This is not a good time to look like me.
I spent the last week in a non-wealthy area of a minority majority city. I pretty much shuttled between the work location and my hotel, in part because we were way too busy for sightseeing and in part because the sights I did see were troubling. And sometimes, even scary.
To be sure, I did have some nice but brief encounters with local folk. It won’t surprise you to learn of my penchant for striking up conversations with total strangers. One younger man was six months into his marriage and we spoke of the challenges of new couples melding dietary habits and preferences. He’s a lover of animal proteins and his new bride is near vegan so good luck with that.
It was a nice oasis of friendliness in a sea of worry.
Every business and almost every private residence has some form of bars denying unauthorized entrance. The Garmin lady took me to five grocery stores in succession before I came upon one at which I was comfortable parking and getting out of the car. Is this because of legitimate fear or simply a function of my own ingrained prejudices? A bit of both, maybe?
Anyway, I got a really good dose of being the face that stands out in the crowd. Can’t say I much cared for the experience.
This experience of being the alien in the inner city got me to thinking about my otherness in a wider sense. Most of the people I consider friends outside of work are women. Which means my Facebook feed is chock full of posts that celebrate strong women and identify men as the enemy in one way or another. And as the father of daughters, I can’t say I resent the women doing the posting. I get it. But it is difficult to be identified even tacitly as one of the enemy.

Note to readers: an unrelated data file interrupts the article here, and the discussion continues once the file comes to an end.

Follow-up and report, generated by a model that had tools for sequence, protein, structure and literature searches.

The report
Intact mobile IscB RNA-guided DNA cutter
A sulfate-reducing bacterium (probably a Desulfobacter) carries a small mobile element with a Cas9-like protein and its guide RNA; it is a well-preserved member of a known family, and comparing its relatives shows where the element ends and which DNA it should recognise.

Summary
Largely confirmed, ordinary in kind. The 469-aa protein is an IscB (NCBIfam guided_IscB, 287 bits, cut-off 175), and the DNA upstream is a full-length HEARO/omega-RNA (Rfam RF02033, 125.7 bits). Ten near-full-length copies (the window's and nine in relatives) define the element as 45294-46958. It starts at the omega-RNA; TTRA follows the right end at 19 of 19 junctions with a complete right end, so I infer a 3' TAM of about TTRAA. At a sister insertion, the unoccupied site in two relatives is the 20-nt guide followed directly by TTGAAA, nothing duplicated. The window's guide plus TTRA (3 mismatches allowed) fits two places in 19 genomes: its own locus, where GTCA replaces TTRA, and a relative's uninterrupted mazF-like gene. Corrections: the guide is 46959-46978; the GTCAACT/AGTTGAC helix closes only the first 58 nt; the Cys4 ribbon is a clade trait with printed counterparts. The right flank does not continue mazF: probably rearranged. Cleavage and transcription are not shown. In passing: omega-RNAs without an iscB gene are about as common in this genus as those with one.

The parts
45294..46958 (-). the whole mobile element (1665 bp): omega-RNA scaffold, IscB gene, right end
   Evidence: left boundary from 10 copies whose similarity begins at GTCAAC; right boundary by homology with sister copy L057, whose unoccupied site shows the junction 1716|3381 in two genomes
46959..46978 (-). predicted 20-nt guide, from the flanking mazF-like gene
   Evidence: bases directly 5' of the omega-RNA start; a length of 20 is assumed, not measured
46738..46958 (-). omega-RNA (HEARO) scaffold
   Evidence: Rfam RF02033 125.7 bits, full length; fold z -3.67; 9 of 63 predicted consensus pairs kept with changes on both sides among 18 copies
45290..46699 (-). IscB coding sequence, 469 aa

I’m a conservative, in the sense that I strongly believe the best government is the least possible, effective government. I would never single out Planned Parenthood for defunding, but it does fall into the category, along with hundreds of other in-some-way-taxpayer-supported organizations that I do not feel lie within the legitimate province of government to fund or regulate.
I think I would choose a single payer approach to health care, but not while Mitch McConnell and his ilk have a say in what that means. And even if we’re successful at the mid-terms, there’s always another Mitch McConnell arising from the ooze.
I’m white, male, non-religious, looking over my shoulder at middle age and generally conservative.
In the eyes of many people whose opinions matter greatly to me, this description makes me one of Them. I don’t blame my friends for this label. They’re mostly just reacting understandably to the upwelling of bigotry in all its forms that brought the current occupant to the White House (when he’s there, that is).
I blame the guys who look like me who created this situation. I am assumed to be a member of the club but it’s not a club I would have voluntarily joined.
I do not like this, Sam I Am.